Book review: India Inc, by Vikas Pota

These profiles of the country's top entrepreneurs are randomly selected and over-hyped, reports John Elliott.

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Last Updated: 25 Oct 2010

This book is an uncritical survey of 10 randomly selected Indian businessmen. True to his trade in public relations, Vikas Pota, who runs corporate communications firm Saffron Chase, has written an over-hyped and far from complete picture of those he has chosen.

India's business scene has been transformed since 1991, when its main economic reforms began. Before then, most of the old business families that dominated industry and commerce used government controls to block competitors, obtain licences for products they might or might not produce, and then engineer shortages to ensure high prices and profits - and dissatisfied customers.

Most of the top names have changed, though Tata - one of India's two biggest groups - remains firmly in place, along with Reliance and a branch of the once all-powerful and widely diversified Birla.

Famous families that have vanished or declined include other parts of Birla and Mafatlal, Dalmia, Scindia, Shriram (DCM), Nanda (Escorts) and Modi.

Family-controlled firms still dominate, as in this book. Forty years ago, families controlled eight of the top 10 business groups (excluding banks and public-sector companies) and they still control about two-thirds of the top 20, with names such as the Tata conglomerate, Bharti (telecoms), Wipro (software), Sterlite (part of Vedanta mining), Mahindra & Mahindra (vehicles-based), and Jindal (steel).

The new names, and the old survivors, first faced foreign competition at home and then tackled it abroad - initially in information technology, but recently in manufacturing, especially the auto industry and pharmaceuticals.

There's little of this background in India Inc, though some of the profiles illustrate the trend, especially Narayana Murthy of Infosys and Shiv Nadar of HCL Technologies; Kiran Mazumdar-Shaw of Biocon, India's leading biotechnology business; and Baba Kalyani of Bharat Forge.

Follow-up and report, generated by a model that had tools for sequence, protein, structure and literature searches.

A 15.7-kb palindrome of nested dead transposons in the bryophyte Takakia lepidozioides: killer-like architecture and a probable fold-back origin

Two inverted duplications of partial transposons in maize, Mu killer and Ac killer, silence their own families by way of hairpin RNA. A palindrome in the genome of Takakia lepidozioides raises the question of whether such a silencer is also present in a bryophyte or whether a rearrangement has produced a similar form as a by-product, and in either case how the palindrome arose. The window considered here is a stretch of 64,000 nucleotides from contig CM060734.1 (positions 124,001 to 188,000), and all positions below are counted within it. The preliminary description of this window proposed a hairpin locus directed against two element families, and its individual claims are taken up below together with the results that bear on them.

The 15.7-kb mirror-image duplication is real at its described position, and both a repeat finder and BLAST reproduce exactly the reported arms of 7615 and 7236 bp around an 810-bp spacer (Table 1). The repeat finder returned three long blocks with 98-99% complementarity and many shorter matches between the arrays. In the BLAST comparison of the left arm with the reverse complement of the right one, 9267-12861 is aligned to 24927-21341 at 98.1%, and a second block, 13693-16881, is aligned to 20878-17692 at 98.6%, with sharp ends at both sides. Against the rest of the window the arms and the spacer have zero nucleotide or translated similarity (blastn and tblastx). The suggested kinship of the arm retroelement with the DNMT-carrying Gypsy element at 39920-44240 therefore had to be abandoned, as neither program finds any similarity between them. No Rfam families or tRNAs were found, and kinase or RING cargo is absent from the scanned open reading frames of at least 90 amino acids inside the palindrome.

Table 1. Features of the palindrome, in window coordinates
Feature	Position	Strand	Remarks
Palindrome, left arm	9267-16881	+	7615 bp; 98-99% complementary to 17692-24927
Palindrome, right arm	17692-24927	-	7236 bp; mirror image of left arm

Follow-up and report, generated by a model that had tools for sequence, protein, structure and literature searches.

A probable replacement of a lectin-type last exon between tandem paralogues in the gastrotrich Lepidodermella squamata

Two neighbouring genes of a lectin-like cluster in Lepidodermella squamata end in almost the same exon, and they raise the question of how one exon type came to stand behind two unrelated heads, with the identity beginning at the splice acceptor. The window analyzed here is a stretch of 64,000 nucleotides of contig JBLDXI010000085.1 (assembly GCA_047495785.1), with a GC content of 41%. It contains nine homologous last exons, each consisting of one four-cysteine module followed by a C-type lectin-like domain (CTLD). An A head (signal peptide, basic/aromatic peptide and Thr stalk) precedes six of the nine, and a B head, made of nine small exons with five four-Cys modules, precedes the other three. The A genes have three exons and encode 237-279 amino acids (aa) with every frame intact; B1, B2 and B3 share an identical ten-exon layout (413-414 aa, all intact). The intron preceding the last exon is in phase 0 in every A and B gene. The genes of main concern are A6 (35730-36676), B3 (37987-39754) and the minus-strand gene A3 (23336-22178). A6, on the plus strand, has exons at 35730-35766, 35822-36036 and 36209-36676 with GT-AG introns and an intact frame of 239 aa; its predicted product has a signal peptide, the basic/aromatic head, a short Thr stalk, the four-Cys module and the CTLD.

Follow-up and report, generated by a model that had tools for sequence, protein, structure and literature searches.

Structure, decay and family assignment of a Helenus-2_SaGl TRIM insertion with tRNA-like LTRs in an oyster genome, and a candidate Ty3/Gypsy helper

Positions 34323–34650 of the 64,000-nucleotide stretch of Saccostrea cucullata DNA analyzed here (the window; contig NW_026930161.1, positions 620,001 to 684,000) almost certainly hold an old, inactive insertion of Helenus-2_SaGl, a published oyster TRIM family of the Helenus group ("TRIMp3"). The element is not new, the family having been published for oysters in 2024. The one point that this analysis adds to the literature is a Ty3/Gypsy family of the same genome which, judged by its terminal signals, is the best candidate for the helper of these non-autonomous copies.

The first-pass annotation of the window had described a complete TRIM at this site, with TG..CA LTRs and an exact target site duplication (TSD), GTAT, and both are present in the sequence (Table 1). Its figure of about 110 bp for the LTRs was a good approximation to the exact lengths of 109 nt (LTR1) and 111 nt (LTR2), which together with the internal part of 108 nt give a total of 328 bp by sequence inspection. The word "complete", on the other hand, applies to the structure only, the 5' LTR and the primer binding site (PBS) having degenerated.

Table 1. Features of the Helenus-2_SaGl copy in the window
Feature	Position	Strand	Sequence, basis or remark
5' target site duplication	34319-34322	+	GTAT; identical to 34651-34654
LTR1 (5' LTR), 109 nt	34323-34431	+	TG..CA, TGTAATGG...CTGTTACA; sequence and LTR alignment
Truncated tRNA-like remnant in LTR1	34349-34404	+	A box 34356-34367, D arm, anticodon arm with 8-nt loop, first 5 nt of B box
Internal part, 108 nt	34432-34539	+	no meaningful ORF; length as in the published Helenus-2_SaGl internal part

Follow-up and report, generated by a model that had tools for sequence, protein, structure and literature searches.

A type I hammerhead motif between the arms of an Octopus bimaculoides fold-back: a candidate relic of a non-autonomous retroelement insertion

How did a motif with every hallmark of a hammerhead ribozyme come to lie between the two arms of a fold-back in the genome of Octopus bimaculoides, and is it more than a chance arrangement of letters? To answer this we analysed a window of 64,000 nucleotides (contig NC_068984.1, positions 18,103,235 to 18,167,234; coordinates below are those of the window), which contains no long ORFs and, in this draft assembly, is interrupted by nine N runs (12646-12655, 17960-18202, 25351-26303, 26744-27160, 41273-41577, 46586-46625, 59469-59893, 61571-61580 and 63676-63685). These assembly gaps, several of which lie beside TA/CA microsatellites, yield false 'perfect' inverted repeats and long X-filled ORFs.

Other profiles include rather skewed write-ups on Ranbaxy, India's leading pharma firm, sold last year by Malvinder Singh (profiled here) and his family to Daiichi Sankyo of Japan; and KV Kamath, chairman of ICICI Bank. Kamath brilliantly turned ICICI into - as Pota puts it - a technology-based company that handles money, but he wrongly describes it (in order to build up Kamath) as formerly an 'insipid industrial lender'.

India's brilliant mathematical and low-cost brains, which are attuned to software work, gave the IT firms a rich base on which to build. Mazumdar-Shaw, a bio-tech entrepreneur and India's wealthiest self-made businesswoman, had a tougher start because her industry was new in India and female entrepreneurs were rare.

I'd pick Kalyani as the most unlikely (but worthy) trailblazer of the 10, because he has succeeded abroad in manufacturing, once a no-go area for India. In one of the book's many excesses, however, Kalyani is said to be 'almost single-handedly responsible for establishing the "Made in India" manufacturing brand as a force to be reckoned with in the global market-place'.

Kalyani won't thank Pota for such praise, because it is vastly over-stated. First, Bharat Forge is scarcely known outside the autos and allied sectors; second, there are many other better-known names that have blazed trails - Tata (tea, cars, steel), Mahindra (autos, components), Ranbaxy and the IT companies, to name a few.

'World domination,' we're told, 'is not just a dream' for Kalyani. Knowing the man, I doubt if he ever uses the phrase, but Pota rolls it out equally improbably for Infosys's Murthy, Kishore Lulla of Eros International (a leading UK-based player in films and entertainment), and Ranbaxy's Singh.

Pota says he has selected people who have not been widely profiled elsewhere, but Murthy has been profiled in just about every business newspaper and magazine in the world - I wrote him up in Fortune in 1997; Mazumdar-Shaw has had many profiles; and Tulsi Tanti of Suzlon Energy was widely profiled as his wind-turbine business mushroomed.

There is little even-handed or analytical here. India Inc is just a series of quotations from the subjects, with supporting platitudes from others, hyped jargon to tie the two together, and rare negative points written dismissively. The 10 entrepreneurs deserve better.


'India Inc: How India's top ten entrepreneurs are winning globally' by Vikas Pota, Nicholas Brealey £18.00

- John Elliott is a journalist who lives in India and writes a current affairs blog, 'Riding the Elephant'

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